“The effects of these drugs are determined by their levels in the blood. At the optimum level there is good stroke prevention activity without much of an increase in bleeding. But this a very delicate balance and stable blood levels are crucial in this situation,” he said.
“Rivaroxaban is given just once a day, and levels fluctuate a lot more than apixaban, which is dosed twice a day,” he added. “Rivaroxaban produces higher highs at which bleeding risk is increased, and lower lows at which the stroke prevention effect is less than desired.”
He believes the larger difference in the low-dose comparison reflects the sensitivity of the population taking the low doses of these medications.
“The low doses are used in the very elderly and frail patients and those with very low body mass or impaired kidney function. This population is extremely sensitive to blood levels of these drugs, so these patients are particularly susceptible to the effects of over- or under-coagulation.”
Ray noted that this large study adds to previous smaller observational studies also suggesting lower events rates with apixaban vs rivaroxaban.
“There has been a trend in favor of apixaban before this study because of the more stable blood levels and the previous data suggesting that rivaroxaban causes more bleeding than apixaban. But our study provides more information and because of its large size has been able to look at the most serious type of bleeding, which the previous observational studies weren’t able to do,” he explained.
In an accompanying editorial, Enrico G. Ferro, MD, Dhruv S. Kazi, MD, and Peter J. Zimetbaum, MD, Beth Israel Deaconess Medical Center, Boston, Massachusetts, say that although observational analyses are susceptible to confounding, “the robustness of the study findings to numerous sensitivity analyses is reassuring.”
They note that these findings add to a body of literature suggesting that apixaban is associated with lower bleeding risk and possibly greater thromboembolic protection compared with rivaroxaban.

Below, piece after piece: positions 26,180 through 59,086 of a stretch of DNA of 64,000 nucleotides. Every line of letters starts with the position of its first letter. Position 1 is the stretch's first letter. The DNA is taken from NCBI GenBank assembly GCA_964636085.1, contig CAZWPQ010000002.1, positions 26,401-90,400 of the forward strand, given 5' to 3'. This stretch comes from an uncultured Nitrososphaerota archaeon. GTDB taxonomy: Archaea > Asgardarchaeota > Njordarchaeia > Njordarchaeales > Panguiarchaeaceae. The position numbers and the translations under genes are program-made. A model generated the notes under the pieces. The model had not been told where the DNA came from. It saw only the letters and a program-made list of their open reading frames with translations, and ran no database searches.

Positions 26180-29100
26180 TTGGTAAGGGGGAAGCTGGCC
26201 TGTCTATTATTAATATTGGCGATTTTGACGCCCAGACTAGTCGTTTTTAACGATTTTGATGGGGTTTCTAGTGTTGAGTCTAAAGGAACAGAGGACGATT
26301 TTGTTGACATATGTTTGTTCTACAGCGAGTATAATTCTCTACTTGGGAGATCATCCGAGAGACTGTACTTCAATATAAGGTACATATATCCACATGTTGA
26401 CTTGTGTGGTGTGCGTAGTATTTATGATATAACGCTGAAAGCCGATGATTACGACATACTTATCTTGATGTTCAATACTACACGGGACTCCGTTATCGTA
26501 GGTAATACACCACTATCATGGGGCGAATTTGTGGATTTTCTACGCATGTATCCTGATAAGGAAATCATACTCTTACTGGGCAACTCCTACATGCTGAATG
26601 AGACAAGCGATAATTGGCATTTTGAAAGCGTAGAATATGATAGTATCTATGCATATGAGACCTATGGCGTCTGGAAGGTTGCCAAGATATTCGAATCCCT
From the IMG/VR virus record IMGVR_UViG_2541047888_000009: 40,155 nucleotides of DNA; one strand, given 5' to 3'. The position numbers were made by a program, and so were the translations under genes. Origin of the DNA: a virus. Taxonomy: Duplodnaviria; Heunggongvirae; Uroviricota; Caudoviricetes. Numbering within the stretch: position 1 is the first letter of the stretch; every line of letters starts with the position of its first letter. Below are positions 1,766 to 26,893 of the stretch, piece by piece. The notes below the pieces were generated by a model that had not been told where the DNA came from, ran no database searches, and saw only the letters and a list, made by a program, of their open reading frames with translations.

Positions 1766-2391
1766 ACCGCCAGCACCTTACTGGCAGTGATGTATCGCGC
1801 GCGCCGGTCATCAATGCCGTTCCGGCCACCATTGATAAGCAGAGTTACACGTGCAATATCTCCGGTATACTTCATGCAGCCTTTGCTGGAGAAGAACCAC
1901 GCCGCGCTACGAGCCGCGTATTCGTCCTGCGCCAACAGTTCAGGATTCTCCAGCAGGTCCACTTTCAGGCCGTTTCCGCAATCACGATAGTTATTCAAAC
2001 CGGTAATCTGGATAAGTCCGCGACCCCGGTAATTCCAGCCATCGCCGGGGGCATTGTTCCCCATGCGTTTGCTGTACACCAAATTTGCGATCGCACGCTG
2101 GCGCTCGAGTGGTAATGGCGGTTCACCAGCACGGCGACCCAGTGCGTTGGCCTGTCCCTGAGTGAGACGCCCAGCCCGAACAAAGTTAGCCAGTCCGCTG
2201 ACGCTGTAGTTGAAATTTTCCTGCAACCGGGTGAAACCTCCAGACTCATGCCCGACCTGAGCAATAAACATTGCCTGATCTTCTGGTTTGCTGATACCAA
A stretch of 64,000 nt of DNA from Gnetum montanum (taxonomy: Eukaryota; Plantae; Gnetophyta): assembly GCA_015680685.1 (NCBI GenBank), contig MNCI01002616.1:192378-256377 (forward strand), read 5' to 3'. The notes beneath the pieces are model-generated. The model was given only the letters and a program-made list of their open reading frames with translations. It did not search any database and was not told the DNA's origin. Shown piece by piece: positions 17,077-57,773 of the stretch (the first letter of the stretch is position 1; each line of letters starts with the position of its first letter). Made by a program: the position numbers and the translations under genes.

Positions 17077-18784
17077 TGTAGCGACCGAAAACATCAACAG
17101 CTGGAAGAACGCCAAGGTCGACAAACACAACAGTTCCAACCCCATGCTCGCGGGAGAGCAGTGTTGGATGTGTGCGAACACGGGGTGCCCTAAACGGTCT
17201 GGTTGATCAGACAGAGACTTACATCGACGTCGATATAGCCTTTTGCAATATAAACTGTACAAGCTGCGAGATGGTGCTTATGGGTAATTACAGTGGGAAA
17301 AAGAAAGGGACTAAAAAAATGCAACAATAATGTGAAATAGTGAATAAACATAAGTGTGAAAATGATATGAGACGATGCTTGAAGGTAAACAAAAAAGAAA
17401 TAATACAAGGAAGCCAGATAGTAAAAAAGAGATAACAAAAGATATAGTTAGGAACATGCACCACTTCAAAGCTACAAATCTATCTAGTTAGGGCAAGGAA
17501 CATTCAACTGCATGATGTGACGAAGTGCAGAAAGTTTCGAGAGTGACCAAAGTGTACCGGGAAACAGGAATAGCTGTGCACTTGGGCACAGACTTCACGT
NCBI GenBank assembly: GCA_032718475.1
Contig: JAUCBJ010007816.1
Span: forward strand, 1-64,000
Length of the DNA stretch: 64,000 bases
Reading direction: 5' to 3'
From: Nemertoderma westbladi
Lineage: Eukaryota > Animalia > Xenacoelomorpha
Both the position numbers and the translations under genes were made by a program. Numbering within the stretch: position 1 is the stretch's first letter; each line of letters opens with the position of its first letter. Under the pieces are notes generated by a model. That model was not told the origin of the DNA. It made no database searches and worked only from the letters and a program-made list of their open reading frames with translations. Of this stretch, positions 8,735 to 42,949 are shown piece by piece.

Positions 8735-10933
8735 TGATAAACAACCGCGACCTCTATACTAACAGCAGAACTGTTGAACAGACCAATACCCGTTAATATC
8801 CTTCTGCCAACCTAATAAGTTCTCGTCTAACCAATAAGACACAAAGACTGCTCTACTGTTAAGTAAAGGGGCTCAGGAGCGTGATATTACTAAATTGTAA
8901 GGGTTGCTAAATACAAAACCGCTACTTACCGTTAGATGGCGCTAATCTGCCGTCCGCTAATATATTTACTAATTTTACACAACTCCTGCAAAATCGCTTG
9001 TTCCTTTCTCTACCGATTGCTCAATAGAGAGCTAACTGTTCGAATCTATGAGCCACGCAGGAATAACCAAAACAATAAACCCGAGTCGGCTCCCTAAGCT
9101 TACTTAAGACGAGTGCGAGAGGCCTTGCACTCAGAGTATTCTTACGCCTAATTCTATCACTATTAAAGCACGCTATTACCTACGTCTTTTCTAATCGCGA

They point out that first signal of the possible superiority of apixaban came from the pivotal trials that compared each of the drugs the warfarin. Rivaroxaban was found to be noninferior to warfarin in preventing stroke or systemic embolism with no significant differences in major bleeding or mortality, whereas apixaban was more effective than warfarin in preventing stroke or systemic embolism and significantly reduced major bleeding and all-cause mortality.
The editorialists conclude: “The report by Ray et al…represents the largest and most contemporary evidence from clinical settings on the differential effectiveness and safety associated with apixaban and rivaroxaban,” adding that these investigators may have provided “reasonable assurance” that apixaban is more effective and safer than rivaroxaban for patients with atrial fibrillation.
Asked for a comment on the study, a spokesperson from Johnson & Johnson, which markets rivaroxaban as Xarelto in the US, said: “Retrospective studies as such have limitations. Only prospective head-to-head clinical trials can directly compare the safety and efficacy of individual medicines. No such trial has been conducted for apixaban and rivaroxaban.”
They added: “Xarelto is the most studied factor Xa oral anticoagulant in the world with a proven efficacy and safety profile. All anticoagulants, or blood thinners, carry the risk of bleeding and the prescribing information for Xarelto has always warned of these risks.”
The study was supported by a grant from the National Heart, Lung, and Blood Institute (NHLBI). Ray reported receiving grants from the NHLBI during the conduct of the study. The editorialists report no disclosures.
JAMA. Published online December 21. Abstract, Editorial